Geography Plays Role in College Access
"Education Deserts: The Continued Significance of 'Place' in the Twenty-First Century"
The college frenzy obsesses on key hurdles students must clear to snag a spot in a good college: taking tough courses and getting good grades, building an impressive list of extracurriculars, gathering the financial resources to pay the bills. But the simple fact of a student's street address can be as big a hurdle as any.
A paper released last week explores the dynamics in "education deserts"—areas with fewer colleges and universities—and argues that where students live is a powerful force that can undermine their access to college. Living in an education desert—a place with no four-year colleges or universities nearby and perhaps only one community college—can mean that "geography is destiny" when it comes to college choice, the paper says.
The paper was written by Nicholas Hillman, an assistant professor at the University of Wisconsin-Madison, and Taylor Weichman, a doctoral student there. It's the first in a series about higher education issues from the American Council on Education's Center for Policy Research and Strategy.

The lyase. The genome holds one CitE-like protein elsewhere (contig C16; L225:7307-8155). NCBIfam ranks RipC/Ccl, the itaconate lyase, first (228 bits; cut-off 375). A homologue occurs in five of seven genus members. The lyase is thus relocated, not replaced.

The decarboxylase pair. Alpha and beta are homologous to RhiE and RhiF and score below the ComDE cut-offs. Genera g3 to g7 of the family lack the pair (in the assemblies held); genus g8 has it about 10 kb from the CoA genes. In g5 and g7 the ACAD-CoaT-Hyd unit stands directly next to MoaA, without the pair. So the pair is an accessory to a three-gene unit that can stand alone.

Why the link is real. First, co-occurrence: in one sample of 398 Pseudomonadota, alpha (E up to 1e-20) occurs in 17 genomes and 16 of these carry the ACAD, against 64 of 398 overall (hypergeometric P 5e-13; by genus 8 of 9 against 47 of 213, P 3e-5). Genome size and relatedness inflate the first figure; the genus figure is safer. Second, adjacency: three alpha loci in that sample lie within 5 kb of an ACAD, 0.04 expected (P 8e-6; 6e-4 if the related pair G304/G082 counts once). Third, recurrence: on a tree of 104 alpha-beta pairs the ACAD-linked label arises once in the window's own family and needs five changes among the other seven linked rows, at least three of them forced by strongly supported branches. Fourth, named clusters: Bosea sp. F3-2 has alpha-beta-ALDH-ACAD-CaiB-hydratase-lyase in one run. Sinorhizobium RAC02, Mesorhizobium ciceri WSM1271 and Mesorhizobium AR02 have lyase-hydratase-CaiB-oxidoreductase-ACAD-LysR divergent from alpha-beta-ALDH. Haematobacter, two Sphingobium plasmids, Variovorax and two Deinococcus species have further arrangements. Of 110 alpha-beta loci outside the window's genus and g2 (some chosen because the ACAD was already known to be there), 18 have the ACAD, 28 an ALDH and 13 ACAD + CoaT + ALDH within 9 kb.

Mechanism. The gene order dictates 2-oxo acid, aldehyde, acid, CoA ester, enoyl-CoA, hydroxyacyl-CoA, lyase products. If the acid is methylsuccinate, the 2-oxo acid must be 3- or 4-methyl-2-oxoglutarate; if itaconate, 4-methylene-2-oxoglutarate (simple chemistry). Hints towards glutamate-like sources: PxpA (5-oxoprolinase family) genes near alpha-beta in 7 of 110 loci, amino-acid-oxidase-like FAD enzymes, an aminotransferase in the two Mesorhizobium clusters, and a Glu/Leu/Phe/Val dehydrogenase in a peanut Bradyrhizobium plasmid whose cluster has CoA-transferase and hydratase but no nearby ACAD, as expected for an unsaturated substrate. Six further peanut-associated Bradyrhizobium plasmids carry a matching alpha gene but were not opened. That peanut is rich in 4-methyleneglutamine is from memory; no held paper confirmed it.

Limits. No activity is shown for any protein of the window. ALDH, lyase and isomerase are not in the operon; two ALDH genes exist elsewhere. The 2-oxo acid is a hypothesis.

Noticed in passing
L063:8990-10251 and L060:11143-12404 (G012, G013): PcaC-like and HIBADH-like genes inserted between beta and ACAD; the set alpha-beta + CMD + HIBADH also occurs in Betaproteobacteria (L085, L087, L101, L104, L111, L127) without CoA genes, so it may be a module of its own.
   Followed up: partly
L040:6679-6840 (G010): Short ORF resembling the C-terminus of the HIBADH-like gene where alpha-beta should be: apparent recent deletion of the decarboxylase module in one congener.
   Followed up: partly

The authors cite research showing that 57 percent of freshmen in four-year colleges and universities enroll in institutions within 50 miles of their homes, and that the farther students live from a given institution, the less likely they are to enroll.
The study finds the most education deserts in the Great Plains and the Midwest. The two biggest are Kentucky's Lexington-Lafayette region and South Carolina's Columbia area.
Education deserts aren't always defined solely by the physical lack of colleges nearby, the authors add. Those two regions each have a flagship university, but since they are relatively selective, students who aren't admitted have only one other public option nearby: community college.
Vol. 35, Issue 20, Page 5